• Give feedback on referrals. This is the right way to show your appreciation for the referral. Tell your customer the outcome. This is also a good way to get more referrals without asking for them directly.
  • Make your customers famous … for 15 minutes. If your enterprise has a newsletter, ask customers for permission to write about their success. Then send a copy to your customer. The same can be done for local newspapers and other publications.
  • Keep lines of communication open. As in any relationship, assure your customers that you are open to all calls about everything and anything – ideas, grievance, advice, praise, questions etc. This is one ay to maintain that all-important rapport.

 Remember that people do business with people they like!

 My Consultancy–Asif J. Mir – Management Consultant–transforms organizations where people have the freedom to be creative, a place that brings out the best in everybody–an open, fair place where people have a sense that what they do matters. For details please visit www.asifjmir.com, Line of Sight

Eyesight, Mindsight, Winners, Losers, Dreams, and … Success


A great life always begins with a dream—a vision. Each person has two kinds of vision: Eyesight and mindsight. Eyesight tells us what objects are around us. Eyesight forms pictures of trees, people, buildings, mountains, water, stars, and other physical, tangible things. Eyesight is physical.

Mindset is different from eyesight. Mindset is the power to see not what is but what can be when human intelligence is applied. Mindset is the power to dream. Mindset forms pictures of the future – the home we want, the family relationship we desire, the income we will enjoy, vacations we want to take, or our wealth at some point in time.

Eyesight is strictly physical and sees only reality. Mindsight reveals what is not yet real nor tangible. How we choose to use our mindset to dream determines our success (achievement, influence, and satisfaction), our wealth (income, net worth, and physical well-being), and our happiness (respect, joy, and commitment).

People differ little in eyesight. At a very early age, all children using eyesight can clearly distinguish objects, such as people, buildings, stars, and water. But people differ enormously in mindsight or mental images of what is not yet real or tangible. A great majority of people see spending a life in a mediocre, modest-paying job. In the social department, their mindsight sees little joy but lots of boredom and big problems. And in the home department, they see, at best, only an ordinary, dull, problem-plagued existence.

On the other hand, a few success-directed dreamers see the future as filled with challenge. They see work as a road to advancement and prestige, and to large rewards. Creative dreamers see social relationships as encouraging, as stimulating, and as fun. In their home department, they see excitement, adventure, and happiness. They choose to dream of a good and great life.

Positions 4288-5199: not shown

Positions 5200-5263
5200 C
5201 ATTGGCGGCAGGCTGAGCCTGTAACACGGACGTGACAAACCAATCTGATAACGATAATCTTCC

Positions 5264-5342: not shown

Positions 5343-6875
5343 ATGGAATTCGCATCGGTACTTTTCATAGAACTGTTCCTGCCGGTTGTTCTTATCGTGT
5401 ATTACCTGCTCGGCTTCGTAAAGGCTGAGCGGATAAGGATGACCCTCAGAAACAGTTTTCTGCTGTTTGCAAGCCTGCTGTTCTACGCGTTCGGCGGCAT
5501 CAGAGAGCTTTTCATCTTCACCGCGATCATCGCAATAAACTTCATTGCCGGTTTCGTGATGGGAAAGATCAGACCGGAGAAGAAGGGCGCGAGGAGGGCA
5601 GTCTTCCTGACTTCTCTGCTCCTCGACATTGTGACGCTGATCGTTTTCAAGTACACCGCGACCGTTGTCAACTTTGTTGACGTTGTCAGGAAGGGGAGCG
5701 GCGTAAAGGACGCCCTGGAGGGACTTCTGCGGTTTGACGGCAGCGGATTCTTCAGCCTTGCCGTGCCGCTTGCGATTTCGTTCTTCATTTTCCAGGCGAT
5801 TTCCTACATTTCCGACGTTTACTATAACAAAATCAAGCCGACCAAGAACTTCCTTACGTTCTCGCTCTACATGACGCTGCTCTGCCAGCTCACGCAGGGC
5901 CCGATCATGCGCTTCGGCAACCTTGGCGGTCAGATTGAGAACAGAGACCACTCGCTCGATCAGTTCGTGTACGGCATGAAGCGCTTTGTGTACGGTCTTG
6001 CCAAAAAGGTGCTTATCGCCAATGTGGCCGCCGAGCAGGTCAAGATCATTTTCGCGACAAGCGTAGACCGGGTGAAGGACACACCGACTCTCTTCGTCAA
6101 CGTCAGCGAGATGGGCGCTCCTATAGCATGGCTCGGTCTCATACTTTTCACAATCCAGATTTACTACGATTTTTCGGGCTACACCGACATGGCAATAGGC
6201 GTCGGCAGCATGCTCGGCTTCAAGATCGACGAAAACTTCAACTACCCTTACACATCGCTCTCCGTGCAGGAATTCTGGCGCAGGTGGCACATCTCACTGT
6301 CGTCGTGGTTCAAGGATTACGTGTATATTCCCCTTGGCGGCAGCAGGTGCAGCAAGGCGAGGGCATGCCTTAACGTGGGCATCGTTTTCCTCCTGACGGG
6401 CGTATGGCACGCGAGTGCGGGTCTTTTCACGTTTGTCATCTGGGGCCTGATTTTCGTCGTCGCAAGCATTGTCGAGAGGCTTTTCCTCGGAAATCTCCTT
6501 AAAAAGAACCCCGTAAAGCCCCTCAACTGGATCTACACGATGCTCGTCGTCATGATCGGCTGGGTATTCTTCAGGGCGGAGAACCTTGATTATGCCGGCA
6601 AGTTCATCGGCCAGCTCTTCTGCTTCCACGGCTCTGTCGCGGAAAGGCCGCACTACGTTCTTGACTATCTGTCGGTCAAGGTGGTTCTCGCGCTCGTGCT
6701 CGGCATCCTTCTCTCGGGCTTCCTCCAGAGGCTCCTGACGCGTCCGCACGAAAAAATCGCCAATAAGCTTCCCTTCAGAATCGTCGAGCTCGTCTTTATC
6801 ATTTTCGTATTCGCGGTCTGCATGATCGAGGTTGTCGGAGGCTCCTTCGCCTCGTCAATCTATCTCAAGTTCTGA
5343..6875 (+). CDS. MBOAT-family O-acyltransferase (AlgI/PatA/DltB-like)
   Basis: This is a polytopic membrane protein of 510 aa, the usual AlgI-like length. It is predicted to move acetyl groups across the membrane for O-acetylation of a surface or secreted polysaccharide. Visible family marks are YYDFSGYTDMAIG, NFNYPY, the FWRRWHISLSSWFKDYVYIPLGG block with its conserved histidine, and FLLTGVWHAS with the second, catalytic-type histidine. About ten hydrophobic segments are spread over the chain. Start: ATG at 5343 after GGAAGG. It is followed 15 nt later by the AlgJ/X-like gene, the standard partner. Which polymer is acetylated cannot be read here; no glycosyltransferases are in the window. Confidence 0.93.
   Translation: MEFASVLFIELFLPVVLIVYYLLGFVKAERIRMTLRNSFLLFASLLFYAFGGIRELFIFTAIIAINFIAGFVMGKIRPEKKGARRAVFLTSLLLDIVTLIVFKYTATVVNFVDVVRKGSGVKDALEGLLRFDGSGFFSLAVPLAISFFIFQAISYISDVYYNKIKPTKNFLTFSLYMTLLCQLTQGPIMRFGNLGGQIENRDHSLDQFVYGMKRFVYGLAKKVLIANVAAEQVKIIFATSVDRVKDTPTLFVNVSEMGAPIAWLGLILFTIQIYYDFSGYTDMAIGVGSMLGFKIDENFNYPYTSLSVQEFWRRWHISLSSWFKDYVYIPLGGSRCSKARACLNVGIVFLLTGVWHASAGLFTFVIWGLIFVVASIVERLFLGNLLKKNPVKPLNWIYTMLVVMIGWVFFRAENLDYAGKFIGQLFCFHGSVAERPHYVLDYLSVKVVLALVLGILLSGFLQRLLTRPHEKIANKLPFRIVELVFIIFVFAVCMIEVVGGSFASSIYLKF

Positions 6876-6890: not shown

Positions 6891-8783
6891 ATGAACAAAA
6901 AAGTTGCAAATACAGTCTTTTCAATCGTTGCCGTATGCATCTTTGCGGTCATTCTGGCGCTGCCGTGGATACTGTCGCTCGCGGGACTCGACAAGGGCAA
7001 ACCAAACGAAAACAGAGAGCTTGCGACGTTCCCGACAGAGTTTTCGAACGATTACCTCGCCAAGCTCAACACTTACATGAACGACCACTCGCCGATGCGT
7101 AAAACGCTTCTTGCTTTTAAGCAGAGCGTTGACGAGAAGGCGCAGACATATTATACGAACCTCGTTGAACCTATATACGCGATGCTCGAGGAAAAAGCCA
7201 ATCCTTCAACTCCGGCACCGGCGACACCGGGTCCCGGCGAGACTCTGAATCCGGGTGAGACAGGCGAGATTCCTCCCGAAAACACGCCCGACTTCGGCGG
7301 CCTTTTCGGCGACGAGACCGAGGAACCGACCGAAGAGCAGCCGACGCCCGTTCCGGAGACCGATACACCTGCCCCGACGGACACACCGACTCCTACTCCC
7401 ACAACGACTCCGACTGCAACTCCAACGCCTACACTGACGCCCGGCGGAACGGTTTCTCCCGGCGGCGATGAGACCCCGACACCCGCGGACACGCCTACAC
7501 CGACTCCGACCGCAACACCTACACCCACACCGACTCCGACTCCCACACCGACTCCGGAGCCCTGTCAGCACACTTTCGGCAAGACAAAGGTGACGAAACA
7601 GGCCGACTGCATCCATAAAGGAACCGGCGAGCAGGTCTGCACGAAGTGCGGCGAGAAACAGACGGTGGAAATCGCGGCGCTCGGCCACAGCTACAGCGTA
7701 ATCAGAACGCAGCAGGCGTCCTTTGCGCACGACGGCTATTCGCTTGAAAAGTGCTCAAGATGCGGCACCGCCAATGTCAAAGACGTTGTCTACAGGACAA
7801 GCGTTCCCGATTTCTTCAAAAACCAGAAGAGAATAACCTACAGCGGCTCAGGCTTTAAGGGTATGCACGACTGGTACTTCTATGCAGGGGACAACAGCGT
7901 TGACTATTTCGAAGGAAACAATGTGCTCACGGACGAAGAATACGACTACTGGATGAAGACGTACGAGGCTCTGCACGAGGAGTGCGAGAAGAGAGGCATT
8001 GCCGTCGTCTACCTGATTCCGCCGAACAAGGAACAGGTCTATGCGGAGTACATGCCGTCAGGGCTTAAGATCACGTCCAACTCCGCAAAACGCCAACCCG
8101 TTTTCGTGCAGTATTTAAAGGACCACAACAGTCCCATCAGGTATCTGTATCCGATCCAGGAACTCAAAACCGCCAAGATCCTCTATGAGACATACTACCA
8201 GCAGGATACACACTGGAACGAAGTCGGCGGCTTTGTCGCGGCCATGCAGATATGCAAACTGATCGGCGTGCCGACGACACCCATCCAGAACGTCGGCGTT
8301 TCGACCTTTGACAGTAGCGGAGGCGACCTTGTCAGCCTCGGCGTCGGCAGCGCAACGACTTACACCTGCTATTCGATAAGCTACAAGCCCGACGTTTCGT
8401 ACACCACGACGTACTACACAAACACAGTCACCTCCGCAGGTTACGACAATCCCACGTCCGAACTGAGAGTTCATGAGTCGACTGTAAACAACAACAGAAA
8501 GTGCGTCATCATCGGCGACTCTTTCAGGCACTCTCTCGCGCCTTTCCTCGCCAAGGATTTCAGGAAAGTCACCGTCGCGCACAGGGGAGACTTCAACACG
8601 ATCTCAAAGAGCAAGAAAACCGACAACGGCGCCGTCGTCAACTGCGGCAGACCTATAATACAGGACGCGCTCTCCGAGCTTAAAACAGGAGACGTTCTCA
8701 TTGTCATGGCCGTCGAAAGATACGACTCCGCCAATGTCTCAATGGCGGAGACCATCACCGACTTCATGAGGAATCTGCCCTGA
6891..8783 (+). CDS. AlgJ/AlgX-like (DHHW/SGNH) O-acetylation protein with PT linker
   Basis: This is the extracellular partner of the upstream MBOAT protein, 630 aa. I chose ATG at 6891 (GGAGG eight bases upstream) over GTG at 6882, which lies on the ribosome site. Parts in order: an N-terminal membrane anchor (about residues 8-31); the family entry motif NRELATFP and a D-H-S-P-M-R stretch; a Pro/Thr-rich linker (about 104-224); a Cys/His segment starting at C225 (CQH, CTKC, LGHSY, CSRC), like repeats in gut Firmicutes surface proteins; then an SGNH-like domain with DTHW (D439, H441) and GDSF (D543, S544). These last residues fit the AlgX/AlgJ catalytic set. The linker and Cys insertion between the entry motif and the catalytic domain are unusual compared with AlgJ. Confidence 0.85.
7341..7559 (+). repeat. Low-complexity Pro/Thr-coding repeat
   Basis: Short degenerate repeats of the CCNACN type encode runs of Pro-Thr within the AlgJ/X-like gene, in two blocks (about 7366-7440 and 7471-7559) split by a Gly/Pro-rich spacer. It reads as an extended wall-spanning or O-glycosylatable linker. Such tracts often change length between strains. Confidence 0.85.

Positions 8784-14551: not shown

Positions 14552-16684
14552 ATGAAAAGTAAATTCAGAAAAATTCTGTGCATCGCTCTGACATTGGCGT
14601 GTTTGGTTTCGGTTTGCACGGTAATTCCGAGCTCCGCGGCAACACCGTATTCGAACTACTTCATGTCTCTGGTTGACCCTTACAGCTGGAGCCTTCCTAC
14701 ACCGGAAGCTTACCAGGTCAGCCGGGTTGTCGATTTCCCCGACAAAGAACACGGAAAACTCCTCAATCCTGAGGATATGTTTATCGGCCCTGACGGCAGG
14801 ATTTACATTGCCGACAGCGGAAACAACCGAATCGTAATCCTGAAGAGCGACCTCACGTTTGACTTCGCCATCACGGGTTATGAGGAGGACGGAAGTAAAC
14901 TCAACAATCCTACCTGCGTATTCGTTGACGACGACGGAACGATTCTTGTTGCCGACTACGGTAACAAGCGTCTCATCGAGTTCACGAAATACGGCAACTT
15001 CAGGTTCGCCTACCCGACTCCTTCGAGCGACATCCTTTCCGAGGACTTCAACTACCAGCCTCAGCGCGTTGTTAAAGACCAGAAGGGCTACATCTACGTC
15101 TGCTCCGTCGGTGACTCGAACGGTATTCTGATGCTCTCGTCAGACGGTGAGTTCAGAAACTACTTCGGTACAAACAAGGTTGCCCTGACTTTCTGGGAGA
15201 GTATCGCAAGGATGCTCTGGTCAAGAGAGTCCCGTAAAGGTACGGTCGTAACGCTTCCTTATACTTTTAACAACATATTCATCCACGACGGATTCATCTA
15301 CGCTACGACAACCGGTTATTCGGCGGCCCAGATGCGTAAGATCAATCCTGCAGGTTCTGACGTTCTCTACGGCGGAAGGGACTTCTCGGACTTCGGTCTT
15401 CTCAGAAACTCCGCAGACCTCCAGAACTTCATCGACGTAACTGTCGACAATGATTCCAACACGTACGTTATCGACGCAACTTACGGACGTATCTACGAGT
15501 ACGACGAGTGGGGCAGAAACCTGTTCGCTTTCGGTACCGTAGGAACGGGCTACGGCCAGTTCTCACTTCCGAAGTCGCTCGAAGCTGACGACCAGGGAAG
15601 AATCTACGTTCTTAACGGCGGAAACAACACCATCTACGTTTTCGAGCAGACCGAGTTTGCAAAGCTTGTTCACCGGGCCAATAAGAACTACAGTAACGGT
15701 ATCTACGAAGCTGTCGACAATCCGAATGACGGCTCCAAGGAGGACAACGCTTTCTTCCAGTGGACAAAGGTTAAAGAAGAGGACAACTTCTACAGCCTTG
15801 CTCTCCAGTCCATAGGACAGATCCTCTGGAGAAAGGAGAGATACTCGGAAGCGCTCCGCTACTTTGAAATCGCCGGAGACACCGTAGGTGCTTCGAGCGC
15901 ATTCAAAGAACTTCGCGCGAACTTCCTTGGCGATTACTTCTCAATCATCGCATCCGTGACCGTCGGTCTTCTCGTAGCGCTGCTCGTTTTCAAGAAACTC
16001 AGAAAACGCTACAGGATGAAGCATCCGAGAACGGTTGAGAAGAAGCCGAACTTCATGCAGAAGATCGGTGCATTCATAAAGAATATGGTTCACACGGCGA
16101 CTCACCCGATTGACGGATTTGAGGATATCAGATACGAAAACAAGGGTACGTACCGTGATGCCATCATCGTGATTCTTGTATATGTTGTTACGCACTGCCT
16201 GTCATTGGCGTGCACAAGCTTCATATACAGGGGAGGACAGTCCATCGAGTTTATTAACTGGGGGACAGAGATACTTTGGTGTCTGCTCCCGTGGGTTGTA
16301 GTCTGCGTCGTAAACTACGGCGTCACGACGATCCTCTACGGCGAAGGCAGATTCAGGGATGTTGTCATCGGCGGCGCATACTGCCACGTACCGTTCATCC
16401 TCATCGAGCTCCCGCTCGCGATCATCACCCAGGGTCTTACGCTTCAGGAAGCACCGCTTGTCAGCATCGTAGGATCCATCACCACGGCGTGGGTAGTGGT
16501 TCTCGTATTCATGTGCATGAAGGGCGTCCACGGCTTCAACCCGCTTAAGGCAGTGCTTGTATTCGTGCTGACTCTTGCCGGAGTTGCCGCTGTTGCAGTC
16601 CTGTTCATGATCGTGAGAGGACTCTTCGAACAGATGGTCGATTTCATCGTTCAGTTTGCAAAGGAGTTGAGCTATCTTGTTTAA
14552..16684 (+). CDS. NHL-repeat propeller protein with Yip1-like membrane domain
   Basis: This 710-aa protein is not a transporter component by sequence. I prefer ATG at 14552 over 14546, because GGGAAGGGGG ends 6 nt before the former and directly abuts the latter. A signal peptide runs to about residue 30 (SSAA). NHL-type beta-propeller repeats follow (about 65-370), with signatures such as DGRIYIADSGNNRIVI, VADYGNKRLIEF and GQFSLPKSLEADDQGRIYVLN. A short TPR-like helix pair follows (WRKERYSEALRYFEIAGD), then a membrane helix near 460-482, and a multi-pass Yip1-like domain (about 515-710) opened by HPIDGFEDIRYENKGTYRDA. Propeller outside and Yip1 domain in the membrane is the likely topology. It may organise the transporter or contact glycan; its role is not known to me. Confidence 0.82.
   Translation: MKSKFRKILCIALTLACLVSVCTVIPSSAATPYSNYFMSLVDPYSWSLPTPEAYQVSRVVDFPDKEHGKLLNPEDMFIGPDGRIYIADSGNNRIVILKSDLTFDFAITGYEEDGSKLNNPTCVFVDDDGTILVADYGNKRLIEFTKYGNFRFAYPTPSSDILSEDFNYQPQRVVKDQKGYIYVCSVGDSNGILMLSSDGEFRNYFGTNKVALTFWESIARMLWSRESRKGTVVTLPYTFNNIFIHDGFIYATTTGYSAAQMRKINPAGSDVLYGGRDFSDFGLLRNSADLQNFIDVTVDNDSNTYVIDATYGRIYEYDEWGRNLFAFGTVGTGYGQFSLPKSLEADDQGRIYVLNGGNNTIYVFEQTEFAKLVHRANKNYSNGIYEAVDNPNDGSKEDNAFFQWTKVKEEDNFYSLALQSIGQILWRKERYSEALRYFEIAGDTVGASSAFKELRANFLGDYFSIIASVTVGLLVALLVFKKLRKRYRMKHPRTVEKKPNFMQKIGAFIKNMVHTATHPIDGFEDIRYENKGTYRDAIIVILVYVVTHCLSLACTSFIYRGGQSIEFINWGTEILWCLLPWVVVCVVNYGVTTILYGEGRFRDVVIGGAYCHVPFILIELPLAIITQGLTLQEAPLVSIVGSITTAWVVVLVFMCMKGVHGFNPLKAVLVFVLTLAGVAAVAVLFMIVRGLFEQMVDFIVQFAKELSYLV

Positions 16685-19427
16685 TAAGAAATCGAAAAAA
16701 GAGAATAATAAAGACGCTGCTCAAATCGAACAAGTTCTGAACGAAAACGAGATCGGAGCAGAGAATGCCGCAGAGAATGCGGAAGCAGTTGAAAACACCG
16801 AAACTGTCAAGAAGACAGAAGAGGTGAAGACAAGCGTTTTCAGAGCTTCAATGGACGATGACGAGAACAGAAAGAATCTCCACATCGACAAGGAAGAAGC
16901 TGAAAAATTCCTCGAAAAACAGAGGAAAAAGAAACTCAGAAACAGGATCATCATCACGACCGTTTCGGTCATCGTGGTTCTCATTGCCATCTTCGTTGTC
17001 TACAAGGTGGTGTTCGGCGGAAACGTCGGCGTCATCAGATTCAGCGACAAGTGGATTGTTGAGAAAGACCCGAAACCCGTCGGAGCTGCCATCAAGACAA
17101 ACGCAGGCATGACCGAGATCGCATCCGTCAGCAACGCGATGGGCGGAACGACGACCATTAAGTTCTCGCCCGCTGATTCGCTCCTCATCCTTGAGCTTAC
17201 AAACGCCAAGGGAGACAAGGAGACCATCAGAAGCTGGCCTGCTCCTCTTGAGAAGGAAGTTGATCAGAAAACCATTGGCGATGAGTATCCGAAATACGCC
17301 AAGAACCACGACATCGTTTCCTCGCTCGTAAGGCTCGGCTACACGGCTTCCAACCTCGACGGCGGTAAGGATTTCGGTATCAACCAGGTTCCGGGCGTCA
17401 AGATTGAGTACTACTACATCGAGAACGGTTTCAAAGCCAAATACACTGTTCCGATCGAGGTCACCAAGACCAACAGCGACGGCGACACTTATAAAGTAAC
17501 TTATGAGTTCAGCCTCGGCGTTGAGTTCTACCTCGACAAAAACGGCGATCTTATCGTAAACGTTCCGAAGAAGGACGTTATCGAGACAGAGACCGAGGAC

Whether we spend life winning or losing depends on how we use our mindsight—what we choose to see or to dream. Each of us has the power to make this life a heaven or a hell, depending on how we choose to dream about it. Those who see life as heaven are the winners; those who view life as hell are losers.

Some believe luck or chance determines their destiny. These people think that fortunes, success, and the good life depend on the roll of the dice, on the spin of a wheel, or on a randomly selected number in a gamble.

Wishing is different from dreaming. Wishing is passive and inactive. Wishing is an idle pastime with no brains or effort behind it. But dreaming is backed up with an action plan to produce results. Anyone can wish. But a dreamer takes action on what he or she wants.

You can divide people you know into two categories: The winners and losers. Winners are active dreamers working to convert their dream into positive, tangible accomplishments. Losers are inactive faultfinders who believe the system is against them and luck or fate determines what will happen. Losers are cynical. Losers are pessimists. Losers are selfish—not my job; why should I help; nobody ever did anything for me. Losers want something for nothing.

Winners are people of good will. Winners are generous. Winners know “there’s no free lunch,” “Sacrifice means investing in the future.”

People who dream big think, “Regardless of how good or bad the situation is now, it will get even better. It always does. They bank on a great future.

My Consultancy–Asif J. Mir – Management Consultant–transforms organizations where people have the freedom to be creative, a place that brings out the best in everybody–an open, fair place where people have a sense that what they do matters. For details please contact www.asifjmir.com, Line of Sight